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United States Department of Agriculture

Agricultural Research Service

Title: Sequence and phylogenetic analysis of the S1 Genome segment of turkey-origin reoviruses

Authors
item Day, James
item Pantin-Jackwood, Mary
item Spackman, Erica

Submitted to: Virus Genes
Publication Type: Peer Reviewed Journal
Publication Acceptance Date: September 21, 2006
Publication Date: September 5, 2007
Citation: Day, J.M., Pantin Jackwood, M.J., Spackman, E. 2007. Sequence and phylogenetic analysis of the S1 Genome segment of turkey-origin reoviruses. Virus Genes. 35:235-242.

Interpretive Summary: Not required.

Technical Abstract: Based on previous reports characterizing the turkey-origin avian reovirus (TRV) sigma-B (sigma-2) major outer capsid protein gene, the TRVs may represent a new group within the fusogenic orthoreoviruses. However, no sequence data from other TRV genes or genome segments has been reported. The sigma-C protein encoded by the avian reovirus S1 genome segment is the cell attachment protein and a major antigenic determinant for avian reovirus. The chicken reovirus S1 genome segment is well characterized and is well conserved in viruses from that species. This report details the amplification, cloning and sequencing of the entire S1 genome segment from two and the entire coding sequences of the sigma-C, p10 and p17 genes from an additional five TRVs. Sequence analysis reveals that of the three proteins encoded by the TRV S1 genome segment, sigma-C shares at most 56% amino acid identity with sigma-C from the chicken reovirus reference strain S1133, while the most similar p10 and p17 proteins share 72% and 61% identity, respectively, with the corresponding S1133 proteins. The most closely related mammalian reovirus, the fusogenic Nelson Bay reovirus, encodes a sigma-C protein that shares from 25% to 28% amino acid identity with the TRV sigma-C proteins. This report supports the earlier suggestion that the TRVs are a separate virus species within the Orthoreovirus genus, and may provide some insight into TRV host specificity and pathogenesis.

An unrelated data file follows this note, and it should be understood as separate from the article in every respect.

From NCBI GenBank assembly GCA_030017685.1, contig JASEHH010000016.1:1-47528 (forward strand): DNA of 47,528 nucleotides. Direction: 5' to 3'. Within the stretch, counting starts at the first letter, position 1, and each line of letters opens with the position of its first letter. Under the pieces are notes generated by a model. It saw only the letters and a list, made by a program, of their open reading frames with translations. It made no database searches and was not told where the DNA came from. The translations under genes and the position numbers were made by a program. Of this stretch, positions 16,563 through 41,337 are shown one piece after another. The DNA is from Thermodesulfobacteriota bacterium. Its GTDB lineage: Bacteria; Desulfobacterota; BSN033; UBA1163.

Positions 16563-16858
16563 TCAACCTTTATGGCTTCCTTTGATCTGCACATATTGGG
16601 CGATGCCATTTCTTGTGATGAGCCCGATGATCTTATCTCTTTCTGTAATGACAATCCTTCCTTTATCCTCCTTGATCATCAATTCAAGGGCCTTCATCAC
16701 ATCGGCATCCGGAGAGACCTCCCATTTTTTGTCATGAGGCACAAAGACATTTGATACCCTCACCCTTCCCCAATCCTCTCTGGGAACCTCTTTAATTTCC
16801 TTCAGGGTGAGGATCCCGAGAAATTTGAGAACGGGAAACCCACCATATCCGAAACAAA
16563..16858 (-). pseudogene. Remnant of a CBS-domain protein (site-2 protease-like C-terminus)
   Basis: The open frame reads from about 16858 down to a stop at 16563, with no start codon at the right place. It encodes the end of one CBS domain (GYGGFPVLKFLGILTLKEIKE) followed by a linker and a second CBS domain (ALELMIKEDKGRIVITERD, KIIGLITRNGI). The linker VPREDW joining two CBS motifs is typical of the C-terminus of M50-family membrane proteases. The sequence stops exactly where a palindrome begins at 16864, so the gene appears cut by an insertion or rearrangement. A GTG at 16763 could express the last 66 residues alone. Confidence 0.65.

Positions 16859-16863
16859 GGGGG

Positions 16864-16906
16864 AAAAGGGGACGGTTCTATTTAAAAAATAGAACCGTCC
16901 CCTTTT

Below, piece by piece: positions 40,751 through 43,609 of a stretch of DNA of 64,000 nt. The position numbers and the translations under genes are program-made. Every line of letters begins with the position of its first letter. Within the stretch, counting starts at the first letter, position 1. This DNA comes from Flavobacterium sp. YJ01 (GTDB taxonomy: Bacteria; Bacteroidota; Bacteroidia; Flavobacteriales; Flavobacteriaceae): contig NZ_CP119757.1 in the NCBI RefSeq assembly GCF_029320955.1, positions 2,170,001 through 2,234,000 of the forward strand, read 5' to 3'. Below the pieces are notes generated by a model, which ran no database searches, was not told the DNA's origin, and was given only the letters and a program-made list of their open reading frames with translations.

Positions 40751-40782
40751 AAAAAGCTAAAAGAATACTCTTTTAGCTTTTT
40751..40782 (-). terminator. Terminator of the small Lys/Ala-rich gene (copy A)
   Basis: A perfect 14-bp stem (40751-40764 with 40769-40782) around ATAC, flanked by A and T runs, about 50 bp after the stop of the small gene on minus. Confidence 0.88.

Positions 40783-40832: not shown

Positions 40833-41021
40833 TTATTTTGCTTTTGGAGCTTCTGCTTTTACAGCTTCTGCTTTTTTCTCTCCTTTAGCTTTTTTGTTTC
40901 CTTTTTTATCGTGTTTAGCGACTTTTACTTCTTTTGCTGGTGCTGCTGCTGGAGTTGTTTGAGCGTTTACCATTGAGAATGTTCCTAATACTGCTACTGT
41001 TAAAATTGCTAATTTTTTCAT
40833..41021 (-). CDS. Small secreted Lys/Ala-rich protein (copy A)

Last Modified: 10/31/2014
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